Cole’s theological reflection on the nature of the church is one of the book’s strengths. Relying heavily on the kingdom parables of Jesus, Cole seeks to establish that the church is not a static institution, a building, a single location or a one-hour service held one day a week. The church, according to Cole, is “the presence of Jesus among his people called out as a spiritual family to pursue his mission on this planet.”
On a practical level, Cole’s churches start when unbelievers are converted and gather all their non-Christian family and friends together. That group of people often becomes a new church. Organic churches are highly relational and thus usually remain small (less than 20 members).
“Organic Church” is an extremely helpful book for those seeking ways of being the church that connects to the unbelievers of the next generation. Motivated by a view of church similar to Cole’s, my church planting team intends to spend the first six to eight months developing organic communities of faith that will serve as a foundation for the church’s public launch.
“Organic Church” is not without its limitations, however. Cole’s rhetoric is sometimes too cynical and dismissive of the established church. Inevitably, traditional forms of church will continue into the future. The fruitfulness of the church’s ministry will depend on traditional and non-traditional churches working as partners and learning from each other. Cole fails to elucidate how organic churches function in relation to traditional, established churches.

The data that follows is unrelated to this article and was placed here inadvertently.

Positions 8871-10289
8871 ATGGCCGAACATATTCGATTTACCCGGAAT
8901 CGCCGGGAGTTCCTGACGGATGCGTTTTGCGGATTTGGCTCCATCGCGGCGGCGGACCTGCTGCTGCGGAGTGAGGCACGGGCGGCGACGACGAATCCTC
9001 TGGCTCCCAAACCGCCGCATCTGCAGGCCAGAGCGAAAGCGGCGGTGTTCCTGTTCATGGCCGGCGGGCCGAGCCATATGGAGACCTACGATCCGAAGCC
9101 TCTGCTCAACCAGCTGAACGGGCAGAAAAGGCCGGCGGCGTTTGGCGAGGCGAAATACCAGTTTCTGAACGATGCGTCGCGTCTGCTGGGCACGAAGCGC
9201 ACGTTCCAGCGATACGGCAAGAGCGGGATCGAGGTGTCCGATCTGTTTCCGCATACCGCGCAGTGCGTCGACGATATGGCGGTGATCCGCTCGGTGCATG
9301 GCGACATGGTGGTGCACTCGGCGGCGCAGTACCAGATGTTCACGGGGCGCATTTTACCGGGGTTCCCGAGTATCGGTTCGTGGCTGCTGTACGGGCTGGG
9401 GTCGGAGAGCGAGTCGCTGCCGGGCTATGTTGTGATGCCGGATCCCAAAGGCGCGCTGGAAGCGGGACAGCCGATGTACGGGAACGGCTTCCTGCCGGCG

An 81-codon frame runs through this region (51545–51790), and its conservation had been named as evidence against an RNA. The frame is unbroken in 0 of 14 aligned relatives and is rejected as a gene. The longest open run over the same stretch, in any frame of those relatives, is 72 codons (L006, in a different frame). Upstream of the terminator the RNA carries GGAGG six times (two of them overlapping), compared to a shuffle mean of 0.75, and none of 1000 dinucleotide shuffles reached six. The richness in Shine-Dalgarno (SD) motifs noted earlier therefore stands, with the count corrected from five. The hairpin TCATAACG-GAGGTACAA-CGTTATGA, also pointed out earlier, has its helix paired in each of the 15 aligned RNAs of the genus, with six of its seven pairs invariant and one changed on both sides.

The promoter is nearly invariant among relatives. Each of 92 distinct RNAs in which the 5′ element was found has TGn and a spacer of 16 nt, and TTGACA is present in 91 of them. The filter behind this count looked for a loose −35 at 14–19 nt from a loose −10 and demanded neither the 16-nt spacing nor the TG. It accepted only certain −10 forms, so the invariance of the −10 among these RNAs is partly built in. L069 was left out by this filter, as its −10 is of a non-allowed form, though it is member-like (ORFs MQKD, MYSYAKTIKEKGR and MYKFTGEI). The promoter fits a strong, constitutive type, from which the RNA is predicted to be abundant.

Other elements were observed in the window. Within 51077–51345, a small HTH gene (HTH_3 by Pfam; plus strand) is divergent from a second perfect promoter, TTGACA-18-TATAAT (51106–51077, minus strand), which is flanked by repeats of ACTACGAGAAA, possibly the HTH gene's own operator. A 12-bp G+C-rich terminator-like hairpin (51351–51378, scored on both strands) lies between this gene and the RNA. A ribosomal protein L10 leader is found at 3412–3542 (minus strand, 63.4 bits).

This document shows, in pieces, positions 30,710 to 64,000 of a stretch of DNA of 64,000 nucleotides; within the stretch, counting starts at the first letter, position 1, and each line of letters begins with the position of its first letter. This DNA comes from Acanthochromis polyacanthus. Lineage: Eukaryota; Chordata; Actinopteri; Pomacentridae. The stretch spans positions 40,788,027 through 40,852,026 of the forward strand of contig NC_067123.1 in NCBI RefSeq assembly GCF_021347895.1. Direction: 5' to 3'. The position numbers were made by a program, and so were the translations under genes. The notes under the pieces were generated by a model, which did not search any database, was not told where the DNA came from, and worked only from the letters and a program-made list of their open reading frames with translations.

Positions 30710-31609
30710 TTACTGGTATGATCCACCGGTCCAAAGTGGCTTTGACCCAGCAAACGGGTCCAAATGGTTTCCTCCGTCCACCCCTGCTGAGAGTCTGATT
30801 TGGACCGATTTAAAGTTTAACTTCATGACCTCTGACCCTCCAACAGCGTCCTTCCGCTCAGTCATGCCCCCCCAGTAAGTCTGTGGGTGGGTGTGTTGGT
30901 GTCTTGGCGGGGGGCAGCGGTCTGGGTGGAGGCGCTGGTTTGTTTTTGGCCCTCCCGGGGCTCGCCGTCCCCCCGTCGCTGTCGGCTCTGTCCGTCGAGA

Further, one wonders about the sustainability of such a movement. What is the lifespan of the average organic church? Who provides deeper theological education for newly converted church planters? What are the sources of accountability for theological reflection and leadership? These are not insurmountable issues, and perhaps organic structures are presently being formed to address issues like these.
For those interested in a more comprehensive introduction to the field of church planting, consult “Church Planting from the Ground Up,” (College Press, 2004) edited by Tom Jones. Christian Church leaders contribute articles on every conceivable issue in church planting. As with any multi-author book, some chapters are better than others. Churches considering multi-site services will find a helpful orientation here.
Another helpful introduction is Ed Stetzer’s “Planting Missional Churches,” (Broadman & Holman, 2006) a revised and updated version of “Planting New Churches in a Postmodern Age” (2003). Stetzer directs the domestic missions agency for the Southern Baptist Convention. His approach reflects assumptions similar to those found in Searcy’s “Launch.” Particularly helpful are Stetzer’s reflections on spiritual formation in the new church.
For those of us planning to start a new church, the diversity of church planting literature encourages us to be theologically reflective and intentional in our methodology. For leaders of established churches, the continued growth of such literature is a reminder that church planting is one of the most fruitful forms of service in God’s kingdom.
CHARLES KISER, a church planter in the Dallas-Fort Worth area, earned a Master of Divinity from Harding Graduate School of Religion. Reach him at [email protected]
Oct. 1, 2007